Buzzfeed Took Over 30 Minutes of NBC Ad Time With Sponsored Content
Last week, Buzzfeed announced they would be increasing the amount of sponsored content they were producing. It took only a few days to see what they meant, when they took over 30 minutes of ad time during NBC’s primetime lineup. Effectively, that’s all of the ads over a 2 hour block of programming.
The content was created as part of a partnership with American Express and is likely the first of many more to come. Particularly because NBC Universal invested $200 million dollars into the digital publisher last August. The stunt could be a signal of things to come, as many networks are doing everything they can to bridge the gap between traditional and digital media.
Indeed, NBC is not the only network to be testing out this form of advertising. Viceland, the brand new cable network from Vice, will be airing native ads that appear more editorial. Vice has long prided itself on understanding younger generations who are more averse to advertising, so it’s only fitting that they would be shaking up traditional television advertising with Viceland.
Marketers Are Increasingly Turning Their Eyes Towards AI, Skeptics Take Notice
Artificial Intelligence has become a crucial part of the changing tech world. First IBM’s Watson embarrassed a group of mortals on Jeopardy, then Mark Zuckerberg announced that he was building himself a Tony-Stark-esque assistant for his home and work, and Apple and Google both invested millions in AI programs of their own. AI is growing in the advertising world, particularly in the world of programmatic advertising, where ad placements are chosen and optimized based on language analysis and other elements of artificial intelligence.
Many see the next frontier of AI as facial and emotional recognition software. Such software could be a huge boon to market researchers who have often struggled to get real insight into their targets, because it’s difficult for people to tell you how they really feel. Some advertisers have already used facial recognition technology in their campaigns, like this one from Bahai Coffee in London, where billboards changed based on passing people’s facial expressions.
Many are excited by the kind of deep insights and opportunity such technology provides, but not everyone is so enthusiastic. The fear of companies tracking and storing our data is already somewhat prevalent (ever wonder why ad and third party blockers are so popular?), so one could imagine how many would feel about having their face and emotions stored and studied by corporations. Last week, Stephen Colbert addressed the issue on The Late Show. The creators of South Park also took on the evolution of advertising, supposing that they would eventually learn how to read emotions and react just like humans, until they became indistinguishable from us.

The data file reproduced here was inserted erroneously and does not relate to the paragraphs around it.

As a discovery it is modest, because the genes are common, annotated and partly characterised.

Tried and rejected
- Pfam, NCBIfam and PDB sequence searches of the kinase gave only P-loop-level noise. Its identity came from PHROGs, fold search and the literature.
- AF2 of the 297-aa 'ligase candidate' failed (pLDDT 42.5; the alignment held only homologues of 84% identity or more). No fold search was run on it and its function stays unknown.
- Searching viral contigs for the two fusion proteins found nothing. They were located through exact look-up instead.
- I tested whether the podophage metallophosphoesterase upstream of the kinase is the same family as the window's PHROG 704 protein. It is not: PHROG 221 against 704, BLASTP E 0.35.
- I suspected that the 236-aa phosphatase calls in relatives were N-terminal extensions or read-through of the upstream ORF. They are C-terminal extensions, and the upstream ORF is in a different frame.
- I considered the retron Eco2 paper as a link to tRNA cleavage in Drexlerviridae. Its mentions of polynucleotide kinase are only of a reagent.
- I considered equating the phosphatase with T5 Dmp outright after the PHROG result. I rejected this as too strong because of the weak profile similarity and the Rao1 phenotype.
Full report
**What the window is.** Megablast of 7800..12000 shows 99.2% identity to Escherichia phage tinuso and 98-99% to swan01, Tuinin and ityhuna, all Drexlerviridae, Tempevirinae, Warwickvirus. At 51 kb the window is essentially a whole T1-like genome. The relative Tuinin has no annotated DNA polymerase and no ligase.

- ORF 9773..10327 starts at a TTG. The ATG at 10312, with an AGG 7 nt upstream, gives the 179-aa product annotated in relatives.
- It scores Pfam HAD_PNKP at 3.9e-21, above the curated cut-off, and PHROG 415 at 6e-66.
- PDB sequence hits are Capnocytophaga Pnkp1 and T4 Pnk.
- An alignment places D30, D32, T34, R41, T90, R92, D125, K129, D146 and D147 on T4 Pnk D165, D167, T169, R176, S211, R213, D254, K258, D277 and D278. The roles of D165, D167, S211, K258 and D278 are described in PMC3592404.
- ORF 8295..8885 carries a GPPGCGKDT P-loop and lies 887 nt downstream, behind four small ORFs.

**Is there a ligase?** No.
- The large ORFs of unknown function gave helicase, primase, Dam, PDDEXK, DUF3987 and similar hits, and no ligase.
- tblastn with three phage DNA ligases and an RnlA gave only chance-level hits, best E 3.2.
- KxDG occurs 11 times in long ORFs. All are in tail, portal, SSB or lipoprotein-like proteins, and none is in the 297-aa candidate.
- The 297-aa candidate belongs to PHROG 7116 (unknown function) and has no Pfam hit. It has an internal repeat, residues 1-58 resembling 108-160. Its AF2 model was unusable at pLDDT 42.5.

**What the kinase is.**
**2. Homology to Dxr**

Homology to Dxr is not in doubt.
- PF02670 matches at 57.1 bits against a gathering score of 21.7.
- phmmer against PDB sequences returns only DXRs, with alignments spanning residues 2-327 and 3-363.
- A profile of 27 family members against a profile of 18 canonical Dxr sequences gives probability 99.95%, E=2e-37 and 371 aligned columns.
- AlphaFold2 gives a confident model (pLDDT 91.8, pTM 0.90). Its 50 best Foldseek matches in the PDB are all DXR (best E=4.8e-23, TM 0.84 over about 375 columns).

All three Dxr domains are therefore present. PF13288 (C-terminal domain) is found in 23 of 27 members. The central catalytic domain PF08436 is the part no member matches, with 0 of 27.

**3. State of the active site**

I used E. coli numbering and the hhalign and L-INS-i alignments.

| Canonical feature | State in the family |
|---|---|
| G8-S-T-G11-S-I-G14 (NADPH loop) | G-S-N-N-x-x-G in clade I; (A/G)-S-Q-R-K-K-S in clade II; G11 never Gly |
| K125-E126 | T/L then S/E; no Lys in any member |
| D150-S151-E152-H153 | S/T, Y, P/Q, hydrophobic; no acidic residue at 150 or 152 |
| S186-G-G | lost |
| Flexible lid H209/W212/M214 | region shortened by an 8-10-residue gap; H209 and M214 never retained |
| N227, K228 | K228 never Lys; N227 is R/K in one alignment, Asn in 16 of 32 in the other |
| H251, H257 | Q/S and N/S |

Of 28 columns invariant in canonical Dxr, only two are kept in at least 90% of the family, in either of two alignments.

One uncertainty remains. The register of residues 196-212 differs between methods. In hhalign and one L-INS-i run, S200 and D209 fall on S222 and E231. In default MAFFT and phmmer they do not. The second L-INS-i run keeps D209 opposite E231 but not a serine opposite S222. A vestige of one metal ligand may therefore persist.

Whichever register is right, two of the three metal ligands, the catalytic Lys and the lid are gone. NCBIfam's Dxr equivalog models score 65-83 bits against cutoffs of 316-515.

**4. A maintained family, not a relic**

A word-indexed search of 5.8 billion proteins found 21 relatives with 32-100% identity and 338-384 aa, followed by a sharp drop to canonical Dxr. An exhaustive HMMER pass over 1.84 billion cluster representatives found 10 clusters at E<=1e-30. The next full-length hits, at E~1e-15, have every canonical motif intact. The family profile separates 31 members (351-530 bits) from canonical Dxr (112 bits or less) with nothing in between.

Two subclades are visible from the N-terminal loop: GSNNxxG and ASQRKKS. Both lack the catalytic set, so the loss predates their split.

LinkedIn to Allow Targeting of Specific Companies
LinkedIn announced that they would begin allowing the ad targeting by place of employment, last week. Traditionally, it had allowed advertisers to use job titles, skills, and seniority, among other things, to target users. But the change will hopefully allow marketers to get more specific and bring in their own data. The change has already seen positive results.
Media Partner of the Week: Viceland
Viceland is the TV channel from the increasingly popular Vice. Viceland was created in partnership with A+E Networks and H2 and will be taking over what was H2 on TV. Early ratings show Viceland will reach 71MM rated homes via broadcast while also available on OTT platforms such as Roku, AppleTV and Playstation Vue among others.
Viceland is releasing a compelling slate of edgy content, which it has become known for. There will be youth focused documentary series like Gaycation hosted by Ellen Page, topic driven journalism like Motherboard & Vice Sports, character centered pieces like F*CK That’s Delicious with Action Bronson and unique comedy-centered formats like Flop House.
Viceland will match consumer preference as it relates to ads with less ad time and more content. There will be co-created content between brands and Vice Labs in addition to traditional spots at a reduced load.
Check out free episodes here.
This Week in Social: The Future Of Social Is Fleeting (Major Key)
There’s been a lot of talk about Snapchat in the media, where most people reporting on it have already aged out of its (key emoji) demographic.
Facing nearly saturated markets on what have become the other channels, SnapChat’s highly-guarded business secrets, bizarre practices (rainbow-vomit selfie filter), and viral spokespeople (DJ KHALED) leaves marketers and social platform developers over 25 years old scratching their heads and wondering how to reach new users.
With real-time integration, a rapidly growing user base and the potential for major ad revenue, Snapchat is no longer the space for sexting and selfies. Snapchat is getting the red carpet roll out from the Oscars to the MLB dugout.